Watch your backs, Boomers. Nearly seven-in-ten Millennials (68 percent) would sacrifice a friendship with a colleague for a promotion, new study finds.
“Cutthroat” is not a word usually used to describe Millenials, but a recent LinkedIn study of workplace relationships finds that they are perhaps even more competitive on the job than previous generations.
Nearly seven-in-ten Millennials (68 percent) would sacrifice a friendship with a colleague for a promotion. In comparison, 62 percent of Baby Boomers would never consider such a thing, the study found. Overall, 18 percent of professionals report that their workplace friendships do affect their work performance by making them more competitive in their careers.
By the same token, Millennials, who for the purposes of this study are defined as individuals between the ages of 18-24, are much more social than their older counterparts (maybe it’s the old Corleone maxim of keeping your friends close, but your enemies closer). Millennials, more than any other age group, the study found, put the most positive spin on workplace friendships. They report that report that workplace friendships impact them in a positive way, making them feel happy (57 percent), motivated (50 percent) and productive (39 percent).
Almost half of Baby Boomers ages 55-65 said that colleague friendships have no bearing on their work performance.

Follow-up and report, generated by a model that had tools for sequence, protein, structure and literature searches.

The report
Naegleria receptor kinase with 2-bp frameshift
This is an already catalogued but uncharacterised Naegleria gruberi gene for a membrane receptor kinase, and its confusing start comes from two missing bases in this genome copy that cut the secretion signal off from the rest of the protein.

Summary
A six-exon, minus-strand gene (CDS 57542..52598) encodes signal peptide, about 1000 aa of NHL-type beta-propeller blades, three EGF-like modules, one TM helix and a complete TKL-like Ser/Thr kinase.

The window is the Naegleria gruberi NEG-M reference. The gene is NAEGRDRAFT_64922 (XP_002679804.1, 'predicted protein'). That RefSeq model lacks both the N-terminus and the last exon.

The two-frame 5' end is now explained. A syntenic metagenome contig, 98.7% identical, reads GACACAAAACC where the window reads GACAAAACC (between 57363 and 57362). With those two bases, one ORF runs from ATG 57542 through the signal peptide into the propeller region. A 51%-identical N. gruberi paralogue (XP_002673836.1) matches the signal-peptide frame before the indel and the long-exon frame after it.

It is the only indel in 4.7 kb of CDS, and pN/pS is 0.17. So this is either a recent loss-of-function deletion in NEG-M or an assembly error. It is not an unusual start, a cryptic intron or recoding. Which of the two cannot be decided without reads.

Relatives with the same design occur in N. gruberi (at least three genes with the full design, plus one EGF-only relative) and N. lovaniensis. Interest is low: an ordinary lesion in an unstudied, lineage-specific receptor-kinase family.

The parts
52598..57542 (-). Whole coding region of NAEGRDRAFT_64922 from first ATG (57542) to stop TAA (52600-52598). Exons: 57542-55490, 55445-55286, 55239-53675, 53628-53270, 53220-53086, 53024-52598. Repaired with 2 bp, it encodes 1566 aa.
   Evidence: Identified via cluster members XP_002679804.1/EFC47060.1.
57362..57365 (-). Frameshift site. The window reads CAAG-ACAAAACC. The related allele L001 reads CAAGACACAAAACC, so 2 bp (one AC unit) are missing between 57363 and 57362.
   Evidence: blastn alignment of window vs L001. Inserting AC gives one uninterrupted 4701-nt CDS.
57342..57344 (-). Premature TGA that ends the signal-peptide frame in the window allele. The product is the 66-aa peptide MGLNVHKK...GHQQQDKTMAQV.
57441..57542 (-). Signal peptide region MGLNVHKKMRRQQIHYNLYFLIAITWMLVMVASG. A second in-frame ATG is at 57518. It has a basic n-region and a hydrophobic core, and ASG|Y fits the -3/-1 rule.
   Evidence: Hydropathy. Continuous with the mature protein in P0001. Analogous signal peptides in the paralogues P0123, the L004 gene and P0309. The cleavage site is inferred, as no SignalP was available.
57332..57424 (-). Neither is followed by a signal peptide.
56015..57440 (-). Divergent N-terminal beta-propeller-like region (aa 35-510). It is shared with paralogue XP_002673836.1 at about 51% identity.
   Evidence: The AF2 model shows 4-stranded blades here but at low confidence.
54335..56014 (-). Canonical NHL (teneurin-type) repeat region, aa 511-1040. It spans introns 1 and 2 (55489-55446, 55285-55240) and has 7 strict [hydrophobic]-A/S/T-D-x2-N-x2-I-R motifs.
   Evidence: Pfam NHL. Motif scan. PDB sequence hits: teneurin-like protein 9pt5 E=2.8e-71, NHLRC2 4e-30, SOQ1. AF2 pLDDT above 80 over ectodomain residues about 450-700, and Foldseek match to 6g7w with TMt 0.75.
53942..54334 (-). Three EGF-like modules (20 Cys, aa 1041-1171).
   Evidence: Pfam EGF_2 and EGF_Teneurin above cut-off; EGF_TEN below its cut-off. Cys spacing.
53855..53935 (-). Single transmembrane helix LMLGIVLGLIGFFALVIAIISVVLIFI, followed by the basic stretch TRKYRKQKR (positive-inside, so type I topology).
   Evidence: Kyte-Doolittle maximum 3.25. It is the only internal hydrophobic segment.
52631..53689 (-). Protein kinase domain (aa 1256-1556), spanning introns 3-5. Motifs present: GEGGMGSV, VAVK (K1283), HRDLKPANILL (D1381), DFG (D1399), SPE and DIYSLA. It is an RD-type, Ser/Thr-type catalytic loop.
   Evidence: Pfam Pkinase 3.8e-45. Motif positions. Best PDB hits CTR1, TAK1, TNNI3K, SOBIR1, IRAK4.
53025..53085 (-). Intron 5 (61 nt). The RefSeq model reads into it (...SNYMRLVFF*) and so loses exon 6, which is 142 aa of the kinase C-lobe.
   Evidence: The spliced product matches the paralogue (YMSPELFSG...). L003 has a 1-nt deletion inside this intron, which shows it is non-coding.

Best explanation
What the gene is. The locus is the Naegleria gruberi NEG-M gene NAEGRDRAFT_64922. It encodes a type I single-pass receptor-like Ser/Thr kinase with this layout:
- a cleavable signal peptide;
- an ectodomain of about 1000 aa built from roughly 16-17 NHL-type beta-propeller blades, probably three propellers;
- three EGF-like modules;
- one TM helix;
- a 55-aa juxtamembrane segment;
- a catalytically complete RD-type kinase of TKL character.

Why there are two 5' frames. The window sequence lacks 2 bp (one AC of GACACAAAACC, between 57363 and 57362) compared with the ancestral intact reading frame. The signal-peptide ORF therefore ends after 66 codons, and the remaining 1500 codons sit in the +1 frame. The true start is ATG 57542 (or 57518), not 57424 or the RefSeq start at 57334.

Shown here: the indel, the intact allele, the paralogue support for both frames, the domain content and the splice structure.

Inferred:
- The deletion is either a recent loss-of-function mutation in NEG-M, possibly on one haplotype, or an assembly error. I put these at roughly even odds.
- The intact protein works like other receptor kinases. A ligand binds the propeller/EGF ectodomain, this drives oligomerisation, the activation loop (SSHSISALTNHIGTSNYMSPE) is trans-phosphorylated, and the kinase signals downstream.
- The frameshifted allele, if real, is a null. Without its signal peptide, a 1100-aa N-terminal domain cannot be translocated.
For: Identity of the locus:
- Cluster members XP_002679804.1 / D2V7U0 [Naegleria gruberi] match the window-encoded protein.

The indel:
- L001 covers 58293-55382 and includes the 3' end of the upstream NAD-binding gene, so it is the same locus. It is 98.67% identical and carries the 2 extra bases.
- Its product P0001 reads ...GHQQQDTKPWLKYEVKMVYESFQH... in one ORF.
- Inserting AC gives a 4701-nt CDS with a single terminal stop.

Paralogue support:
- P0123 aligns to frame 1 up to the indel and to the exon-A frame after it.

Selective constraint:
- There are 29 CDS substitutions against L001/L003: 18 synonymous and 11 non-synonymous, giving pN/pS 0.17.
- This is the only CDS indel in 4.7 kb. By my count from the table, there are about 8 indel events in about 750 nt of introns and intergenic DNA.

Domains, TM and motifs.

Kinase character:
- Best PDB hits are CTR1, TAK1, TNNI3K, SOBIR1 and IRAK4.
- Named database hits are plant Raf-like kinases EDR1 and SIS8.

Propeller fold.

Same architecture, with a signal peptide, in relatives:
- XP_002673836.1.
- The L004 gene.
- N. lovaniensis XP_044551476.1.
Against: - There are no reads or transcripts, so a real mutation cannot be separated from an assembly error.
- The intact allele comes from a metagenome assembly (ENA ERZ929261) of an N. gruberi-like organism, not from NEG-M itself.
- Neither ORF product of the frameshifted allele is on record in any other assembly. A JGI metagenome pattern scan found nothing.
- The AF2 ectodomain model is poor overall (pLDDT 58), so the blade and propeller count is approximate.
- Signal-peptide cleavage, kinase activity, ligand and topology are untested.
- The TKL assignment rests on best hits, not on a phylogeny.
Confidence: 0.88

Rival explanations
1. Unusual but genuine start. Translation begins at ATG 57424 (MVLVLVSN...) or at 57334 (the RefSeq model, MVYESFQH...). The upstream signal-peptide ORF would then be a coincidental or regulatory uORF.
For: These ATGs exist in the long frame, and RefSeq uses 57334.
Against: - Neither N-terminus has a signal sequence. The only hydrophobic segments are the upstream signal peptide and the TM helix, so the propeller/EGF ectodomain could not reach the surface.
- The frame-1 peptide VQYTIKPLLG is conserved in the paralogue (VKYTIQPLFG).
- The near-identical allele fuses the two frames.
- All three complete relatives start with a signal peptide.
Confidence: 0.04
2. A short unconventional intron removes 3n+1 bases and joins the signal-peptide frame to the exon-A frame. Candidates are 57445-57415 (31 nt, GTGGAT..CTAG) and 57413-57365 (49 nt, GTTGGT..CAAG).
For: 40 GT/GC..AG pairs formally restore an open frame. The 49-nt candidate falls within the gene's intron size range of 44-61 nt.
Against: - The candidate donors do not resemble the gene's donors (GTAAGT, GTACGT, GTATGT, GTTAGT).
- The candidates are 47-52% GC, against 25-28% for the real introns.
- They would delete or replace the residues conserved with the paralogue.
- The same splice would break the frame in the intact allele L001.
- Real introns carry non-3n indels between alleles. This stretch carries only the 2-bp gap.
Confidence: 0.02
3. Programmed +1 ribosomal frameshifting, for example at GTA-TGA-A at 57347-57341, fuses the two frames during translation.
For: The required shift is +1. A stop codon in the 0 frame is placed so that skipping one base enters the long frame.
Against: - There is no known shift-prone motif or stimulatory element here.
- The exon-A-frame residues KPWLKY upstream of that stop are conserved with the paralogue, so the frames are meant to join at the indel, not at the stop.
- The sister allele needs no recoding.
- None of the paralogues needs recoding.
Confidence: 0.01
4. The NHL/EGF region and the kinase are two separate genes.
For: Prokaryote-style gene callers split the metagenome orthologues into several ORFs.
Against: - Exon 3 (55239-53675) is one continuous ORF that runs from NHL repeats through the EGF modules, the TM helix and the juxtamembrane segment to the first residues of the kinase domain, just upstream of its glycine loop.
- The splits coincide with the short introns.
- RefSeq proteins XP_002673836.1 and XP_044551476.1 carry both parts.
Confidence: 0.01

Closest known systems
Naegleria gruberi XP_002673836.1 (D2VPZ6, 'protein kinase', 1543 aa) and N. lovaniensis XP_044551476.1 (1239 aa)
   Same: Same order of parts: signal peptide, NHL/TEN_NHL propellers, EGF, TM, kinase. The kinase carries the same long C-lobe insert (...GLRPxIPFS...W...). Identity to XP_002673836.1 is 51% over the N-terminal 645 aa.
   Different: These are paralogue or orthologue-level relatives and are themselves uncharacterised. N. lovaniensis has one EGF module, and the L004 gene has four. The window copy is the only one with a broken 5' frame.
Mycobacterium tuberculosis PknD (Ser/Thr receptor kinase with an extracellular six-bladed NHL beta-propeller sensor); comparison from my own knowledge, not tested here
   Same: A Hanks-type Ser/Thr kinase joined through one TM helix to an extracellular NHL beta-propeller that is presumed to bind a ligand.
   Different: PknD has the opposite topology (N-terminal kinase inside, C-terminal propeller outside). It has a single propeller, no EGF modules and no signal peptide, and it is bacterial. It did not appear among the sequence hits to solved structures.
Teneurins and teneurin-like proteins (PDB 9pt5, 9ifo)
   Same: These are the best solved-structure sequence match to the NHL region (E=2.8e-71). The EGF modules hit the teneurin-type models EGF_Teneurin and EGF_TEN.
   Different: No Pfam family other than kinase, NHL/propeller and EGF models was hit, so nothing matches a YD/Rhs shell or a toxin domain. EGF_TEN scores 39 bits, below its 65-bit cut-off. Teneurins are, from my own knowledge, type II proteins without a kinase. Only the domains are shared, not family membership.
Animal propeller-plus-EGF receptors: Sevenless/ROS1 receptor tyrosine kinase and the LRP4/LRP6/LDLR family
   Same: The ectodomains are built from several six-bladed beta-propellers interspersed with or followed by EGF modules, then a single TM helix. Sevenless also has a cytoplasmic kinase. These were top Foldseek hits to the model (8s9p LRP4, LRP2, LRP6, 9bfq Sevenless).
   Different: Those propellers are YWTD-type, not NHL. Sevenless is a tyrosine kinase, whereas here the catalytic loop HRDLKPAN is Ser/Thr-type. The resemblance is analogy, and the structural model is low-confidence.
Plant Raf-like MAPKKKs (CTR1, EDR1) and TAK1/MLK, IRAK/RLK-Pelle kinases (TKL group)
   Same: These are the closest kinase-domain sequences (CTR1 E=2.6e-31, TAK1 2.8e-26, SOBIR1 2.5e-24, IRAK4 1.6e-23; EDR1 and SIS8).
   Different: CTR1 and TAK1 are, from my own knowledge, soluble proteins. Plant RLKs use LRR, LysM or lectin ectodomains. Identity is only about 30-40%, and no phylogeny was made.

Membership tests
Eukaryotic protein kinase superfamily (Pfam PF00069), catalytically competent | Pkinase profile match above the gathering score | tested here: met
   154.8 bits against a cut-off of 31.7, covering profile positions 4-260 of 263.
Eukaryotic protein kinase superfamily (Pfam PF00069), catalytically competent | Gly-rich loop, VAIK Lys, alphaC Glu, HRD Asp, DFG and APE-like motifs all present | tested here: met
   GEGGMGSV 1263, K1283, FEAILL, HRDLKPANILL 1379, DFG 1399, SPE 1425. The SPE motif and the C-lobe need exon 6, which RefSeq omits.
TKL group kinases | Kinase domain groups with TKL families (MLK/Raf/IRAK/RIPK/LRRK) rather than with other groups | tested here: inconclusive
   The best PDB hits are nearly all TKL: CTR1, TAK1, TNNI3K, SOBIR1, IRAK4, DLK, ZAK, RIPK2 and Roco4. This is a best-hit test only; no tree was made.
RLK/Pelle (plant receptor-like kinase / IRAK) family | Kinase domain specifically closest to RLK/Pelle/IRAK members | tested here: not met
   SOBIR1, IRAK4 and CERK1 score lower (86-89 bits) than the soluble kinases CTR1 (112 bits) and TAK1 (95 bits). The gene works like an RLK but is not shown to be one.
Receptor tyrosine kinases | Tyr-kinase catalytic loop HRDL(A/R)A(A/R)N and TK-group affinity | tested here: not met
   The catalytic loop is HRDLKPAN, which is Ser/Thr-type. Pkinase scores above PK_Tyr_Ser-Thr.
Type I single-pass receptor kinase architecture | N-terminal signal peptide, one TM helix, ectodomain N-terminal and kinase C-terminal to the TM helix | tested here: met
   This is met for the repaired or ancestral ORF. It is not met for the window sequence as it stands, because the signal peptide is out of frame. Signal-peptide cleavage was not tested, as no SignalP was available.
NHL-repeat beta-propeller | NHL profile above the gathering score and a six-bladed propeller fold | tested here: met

Three-out-of-five Millennia professionals said that socializing in-person with their co-workers enhances the work environment, compared with just two-out-of five Baby Boomers. Nearly one-in-three Millennials also believe that socializing with their co-workers will pave the way for career advancement.
Perhaps because of the prevalence of social media in their lives, younger workers are more likely than their Baby Boomer co-workers to be more comfortable sharing personal information. Forty-nine percent of Millennials are more likely to discuss salary with co-workers at work, compared to just 31 percent of Baby Boomers, A majority of Millennial workers are also more open to sharing relationship advice with their coworkers, compared to 23 percent of Baby Boomers. The study also found that nearly three-in-ten Millennials (28 percent) have texted a manager out of work hours for a non-work related issue, compared to only 10 percent of Baby Boomers.
“Workplace relationships are ever-changing and an important factor in shaping both office dynamics and individual job development,” Nicole Williams, LinkedIn career expert said in a statement. “This means that creating an office culture that resonates across generations, roles and personalities is a critical factor in a successful working environment.”
Other studies have found generational differences between Millennials and their older cohorts. A 2013 Pew Research study found that half of Millennials put the highest priority on having a job they enjoy, compared with 44 percent of Gen Xers and 38 percent of Baby Boomers. Similarly, Millennials and Gen Xers place a near-equally high premium than Baby Boomers on job security (40 percent of Millennials vs. 38 percent of Gen Xers and 31 percent of Boomers).
Related story: What does job satisfaction mean to Millennials?
Donald Liebenson writes news and features for Millionaire Corner. He has been published in the Chicago Tribune, The Chicago Sun-Times, The Los Angeles Times, Fiscal Times, Entertainment Weekly, Huffington Post, and other outlets. He has also served as a marketing writer for Chicago-based Questar Entertainment and distributor Baker & Taylor.
A graduate of the University of Southern California, he is married with a college-age son. He also writes extensively about entertainment.